The student news site of Pierce College in Lakewood, Washington.

Is getting soaked with pre-cum and never being fully hard normal?

October 19, 2016

My entire life I have always experienced leaking pre-ejaculate before and after getting hard. It does not interfere with my normal function. I still have a large volume and very good distance when I masturbate   My penis size is well above normal. But when I get romantically involved with someone it can be really embarrassing - just light flirting, maybe a kiss or two, I am still soft not even hard yet but I'm soaking wet with pre- cum. I not talking a little bit I'm talking soaked. But when I finally do ejaculate I still ejaculate large amount. I've had women put their hand on my pants and start to play with it and say oh my God you came already! Is there any medication for this? Thank you.
 
Pre-ejaculatory fluids are made by the Cowper’s glands and the glands of Littre. These fluids are actually pretty amazing as they are thought to neutralize the acidic environment of the urethra, thus making it safe for sperm to travel through the urethra (important in instances where men are trying to get pregnant with a partner).
The amount of fluid varies among men. Some men don’t notice pre-ejaculate (also called  “pre-cum”) and other produce just a few drops or even several milliliters when aroused. Some men who produce a lot of ejaculate feel embarrassed by this and it can get in the way of dating, hooking up, and sexual activity with partners.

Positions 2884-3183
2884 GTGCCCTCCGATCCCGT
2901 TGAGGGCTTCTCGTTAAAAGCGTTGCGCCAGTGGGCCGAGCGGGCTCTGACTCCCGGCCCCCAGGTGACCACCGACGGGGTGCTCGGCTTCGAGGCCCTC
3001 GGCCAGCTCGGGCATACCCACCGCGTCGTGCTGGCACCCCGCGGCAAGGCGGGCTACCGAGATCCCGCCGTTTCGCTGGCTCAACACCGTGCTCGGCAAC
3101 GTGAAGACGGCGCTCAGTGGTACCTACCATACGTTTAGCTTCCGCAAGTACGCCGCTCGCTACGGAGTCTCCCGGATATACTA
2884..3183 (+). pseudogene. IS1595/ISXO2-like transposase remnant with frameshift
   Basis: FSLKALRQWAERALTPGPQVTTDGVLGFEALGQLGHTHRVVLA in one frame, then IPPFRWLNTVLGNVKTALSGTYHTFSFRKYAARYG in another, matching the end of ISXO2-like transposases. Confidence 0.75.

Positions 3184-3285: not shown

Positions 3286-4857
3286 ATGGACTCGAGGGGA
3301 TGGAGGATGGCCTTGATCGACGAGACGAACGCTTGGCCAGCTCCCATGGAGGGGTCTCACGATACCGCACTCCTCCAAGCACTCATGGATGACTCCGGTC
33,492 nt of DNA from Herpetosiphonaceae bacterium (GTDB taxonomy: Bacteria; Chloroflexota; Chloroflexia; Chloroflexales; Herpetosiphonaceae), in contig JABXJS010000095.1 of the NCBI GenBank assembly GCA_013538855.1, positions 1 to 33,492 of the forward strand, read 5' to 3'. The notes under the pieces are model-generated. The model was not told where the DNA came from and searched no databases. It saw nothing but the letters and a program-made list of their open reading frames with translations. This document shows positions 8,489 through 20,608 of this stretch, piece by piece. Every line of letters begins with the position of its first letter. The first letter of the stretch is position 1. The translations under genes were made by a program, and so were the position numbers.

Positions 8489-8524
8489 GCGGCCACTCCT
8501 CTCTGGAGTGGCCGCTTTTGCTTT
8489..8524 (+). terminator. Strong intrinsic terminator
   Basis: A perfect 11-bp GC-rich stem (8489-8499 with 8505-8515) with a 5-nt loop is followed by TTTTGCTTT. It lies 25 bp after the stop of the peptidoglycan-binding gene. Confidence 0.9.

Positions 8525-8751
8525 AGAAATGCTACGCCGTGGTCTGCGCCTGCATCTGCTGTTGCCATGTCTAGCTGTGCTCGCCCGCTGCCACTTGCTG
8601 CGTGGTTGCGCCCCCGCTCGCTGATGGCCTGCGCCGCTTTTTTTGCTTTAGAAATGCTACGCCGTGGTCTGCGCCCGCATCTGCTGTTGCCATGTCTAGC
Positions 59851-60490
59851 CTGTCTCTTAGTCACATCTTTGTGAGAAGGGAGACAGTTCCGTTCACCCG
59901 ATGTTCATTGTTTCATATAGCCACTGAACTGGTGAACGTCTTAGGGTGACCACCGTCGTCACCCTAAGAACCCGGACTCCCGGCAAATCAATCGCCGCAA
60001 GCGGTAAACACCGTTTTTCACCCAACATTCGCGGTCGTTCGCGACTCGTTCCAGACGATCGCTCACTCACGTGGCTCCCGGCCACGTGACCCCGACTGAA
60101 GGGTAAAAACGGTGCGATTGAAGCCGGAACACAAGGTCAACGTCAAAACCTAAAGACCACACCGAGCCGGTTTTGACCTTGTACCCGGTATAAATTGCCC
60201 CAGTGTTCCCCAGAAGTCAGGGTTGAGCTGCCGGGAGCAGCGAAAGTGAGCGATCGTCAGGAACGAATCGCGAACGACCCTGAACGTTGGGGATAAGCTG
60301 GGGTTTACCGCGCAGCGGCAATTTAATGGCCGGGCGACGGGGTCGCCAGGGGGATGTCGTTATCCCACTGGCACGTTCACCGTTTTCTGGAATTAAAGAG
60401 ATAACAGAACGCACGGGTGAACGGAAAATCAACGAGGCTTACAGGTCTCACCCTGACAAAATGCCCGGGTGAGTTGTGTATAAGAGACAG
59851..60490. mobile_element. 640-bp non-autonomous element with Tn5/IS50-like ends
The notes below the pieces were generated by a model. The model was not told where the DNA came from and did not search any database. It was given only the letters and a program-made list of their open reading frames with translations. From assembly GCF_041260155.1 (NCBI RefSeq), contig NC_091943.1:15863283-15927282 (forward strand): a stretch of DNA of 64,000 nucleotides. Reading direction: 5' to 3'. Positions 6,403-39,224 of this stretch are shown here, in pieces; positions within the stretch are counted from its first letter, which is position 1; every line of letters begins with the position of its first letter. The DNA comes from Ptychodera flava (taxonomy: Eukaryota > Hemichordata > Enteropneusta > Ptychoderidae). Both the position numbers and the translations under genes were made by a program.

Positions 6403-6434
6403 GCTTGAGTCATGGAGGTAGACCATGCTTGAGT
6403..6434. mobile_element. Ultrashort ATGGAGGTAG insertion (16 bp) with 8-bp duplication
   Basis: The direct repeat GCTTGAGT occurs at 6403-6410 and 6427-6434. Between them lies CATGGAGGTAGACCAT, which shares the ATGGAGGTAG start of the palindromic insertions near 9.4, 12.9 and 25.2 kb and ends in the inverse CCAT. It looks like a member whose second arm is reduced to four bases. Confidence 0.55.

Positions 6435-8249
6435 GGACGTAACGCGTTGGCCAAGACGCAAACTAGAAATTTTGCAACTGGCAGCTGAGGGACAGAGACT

There have been several case histories documented with doctors reporting success with 5-alpha-reductase inhibitors, so that is something you can ask your healthcare provider about. I recommend making an appointment with a urologist who can ask you questions about your experience, see whether this is what might be going on with your body (or whether it’s something else, like prostate fluids or something else entirely), and what his or her recommendation for treatment might be. And of course some men choose to not use medical treatment and to just make peace with the way their particular body works. That’s up to you and at least you can explore your options by meeting with a urologist.
Kinsey Confidential is a collaboration of The Kinsey Institute and the IU School of Public Health. Dr. Debby Herbenick is an associate professor at Indiana University and author of six books about sex including “The Coregasm Workout” and “Sex Made Easy”. Find our blog and archived Q&A at KinseyConfidential.org. Follow Dr. Herbenick on Twitter @DebbyHerbenick and Kinsey Confidential at @KinseyCon

Pierce Pioneer • Copyright 2017 • FLEX WordPress Theme by SNOLog in